On the west wall of my office is a giant whiteboard. I use it often, but there are times when I want to use my iPad instead. And with the new iPad Pro and its #2 Pencil, I’m finally interested in a good whiteboarding app.
Apps that relied on the Apple Pencil never really stuck for me because I rarely had my Apple Pencil nearby, and if it was nearby it was probably out of battery. As you’ve probably heard a thousand times already, that all changed with the new iPad and the new Apple Pencil.
Now, I’ve long been a fan of Paper by 53 (though it’s now Paper by WeTransfer) for drawing and sketching. I’ve used it many times to draw visuals to accompany my articles from time to time. But the Paper app hits its limits when you start using it to flesh out bigger ideas and mind maps.
For a few weeks during the Christmas holiday I was checking out different whiteboard apps for iPad. (Yes, this was how I spent my free time during my Christmas break and I don’t regret a moment of it.)
What’s great about Thoughts is how simple and straightforward it is. This app is very easy to use.
There are only 3 tools: a black pen, a color pen, and an eraser. It also has both a light and dark theme. And there is an iPhone app that it syncs with. Thoughts is just a $2.99 one-time purchase to get the app and you’re set.
For me, one big drawback to Thoughts is that you can’t import any types of media onto your canvas. Meaning your whiteboard canvas can’t include images, links, and the like.
Another tidbit which took me a while to get used to is that the pen size is relative. When you’re writing and drawing with the pen, it’s always the same visual point size no matter what “zoom” level you are at. At first this bugged me, as I wanted everything to be the exact same, but I then began to acclimate to it and it actually makes sense given the way Thoughts works.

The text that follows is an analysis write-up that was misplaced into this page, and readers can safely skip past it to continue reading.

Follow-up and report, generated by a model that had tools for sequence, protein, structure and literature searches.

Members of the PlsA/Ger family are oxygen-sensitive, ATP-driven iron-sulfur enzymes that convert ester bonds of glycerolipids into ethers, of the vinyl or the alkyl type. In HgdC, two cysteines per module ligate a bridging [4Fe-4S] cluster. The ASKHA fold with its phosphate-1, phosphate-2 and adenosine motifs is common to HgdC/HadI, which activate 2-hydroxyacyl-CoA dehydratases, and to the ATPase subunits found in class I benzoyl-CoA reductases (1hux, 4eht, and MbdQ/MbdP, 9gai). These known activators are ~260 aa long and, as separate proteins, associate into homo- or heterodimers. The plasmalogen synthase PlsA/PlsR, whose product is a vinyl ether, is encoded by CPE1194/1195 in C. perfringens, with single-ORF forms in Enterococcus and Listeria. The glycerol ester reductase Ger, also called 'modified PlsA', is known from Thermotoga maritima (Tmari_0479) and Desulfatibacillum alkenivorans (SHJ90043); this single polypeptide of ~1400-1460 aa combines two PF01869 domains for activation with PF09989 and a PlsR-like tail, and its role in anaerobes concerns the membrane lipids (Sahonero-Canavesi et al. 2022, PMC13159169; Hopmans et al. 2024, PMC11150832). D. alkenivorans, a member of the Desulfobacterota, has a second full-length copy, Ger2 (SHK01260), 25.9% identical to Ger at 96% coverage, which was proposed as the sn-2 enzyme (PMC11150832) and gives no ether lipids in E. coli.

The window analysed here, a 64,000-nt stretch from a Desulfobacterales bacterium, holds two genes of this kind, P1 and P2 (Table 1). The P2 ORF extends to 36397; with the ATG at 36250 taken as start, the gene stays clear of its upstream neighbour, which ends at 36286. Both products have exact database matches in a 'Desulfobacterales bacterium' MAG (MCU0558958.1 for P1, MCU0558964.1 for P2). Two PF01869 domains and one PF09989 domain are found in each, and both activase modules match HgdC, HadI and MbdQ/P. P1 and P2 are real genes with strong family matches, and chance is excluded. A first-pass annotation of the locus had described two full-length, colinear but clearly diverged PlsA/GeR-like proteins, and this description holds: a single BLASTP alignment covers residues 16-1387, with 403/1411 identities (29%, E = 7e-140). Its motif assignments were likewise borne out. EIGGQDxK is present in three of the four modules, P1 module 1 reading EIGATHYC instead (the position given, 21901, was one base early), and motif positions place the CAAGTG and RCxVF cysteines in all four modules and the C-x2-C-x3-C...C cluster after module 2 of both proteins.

Thoughts not only has an infinite canvas, it also has infinite zoom. And, what’s funny but not funny about that is that I actually lost my document. I literally lost some work of mine by zooming out too far. It disappeared in the view and I tried zooming back in but must have been off-center and from there I completely lost my bearings and I literally couldn’t figure out where my drawing went. I lost it to the abyss.
So all that to say about Thoughts: it is pretty great because it’s so simple. You just launch the app and get to work. But for me, I found it to be too simple for my ideal workflow. I want to be able to drop in photos, screenshots, text, links, and also have a bit more control over the tools I’m using.
The other whiteboarding app I was most drawn to (ha!) was Concepts.
Over on MacStories, John Voorhees saved me a whole lot of time by writing this in-depth review of Concepts before I could write one of my own. (Thanks, John!)
John’s and my use-cases and sentiments are nearly identical. I have no need for drawing or sketching or illustrating. But I do love to be able to quickly visualize bigger ideas / projects into something that make sense. And while there are some excellend mind mapping apps for the iPad, I prefer the free-form drawing nature of a whiteboarding app for the brainstorming and ideation process.
… I realized that the primary value of an app like Concepts lies in helping users record and refine their ideas. Whether your ideas result in something like [Yarrow] Cheney’s whimsical concept art for The Grinch or my messy soup of notes, screenshots, and highlighting, the core utility of Concepts, which is right there in its name, is the way it facilitates the exploration of ideas. That’s an important distinction that makes Concepts an appropriate choice for iPad users regardless of whether you’re an artist.
I haven’t yet spent as much time using Concepts as John has, and so his review taught me a few tips and tricks. And, like John, what I love about the Concepts app is how beautiful and simple it is, and yet how much power lies under the hood.
Compared to the Thoughts app, Concepts still gives you an infinite canvas that can go in any direction you like, but you don’t have complete freedom to zoom in / out forever and thus lose your work to the abyss. Additionally, Concepts puts little arrow darts on the edges of the screen, pointing in the direction that you have any drawings or media. Helping you stay oriented.
Using a whiteboard app like Concepts is definitely a scenario where the 12.9 iPad Pro would shine and be an excellent tool over the 11. But since I can zoom and scroll the canvas, I don’t feel hindered or cramped using the 11-inch iPad Pro.
All in all, the power and flexibility of an infinite canvas, whiteboarding app can be liberating to your ideas. Having both Concepts and the new Apple Pencil at my fingertips is a fantastic combination that has become a go-to in my workflow.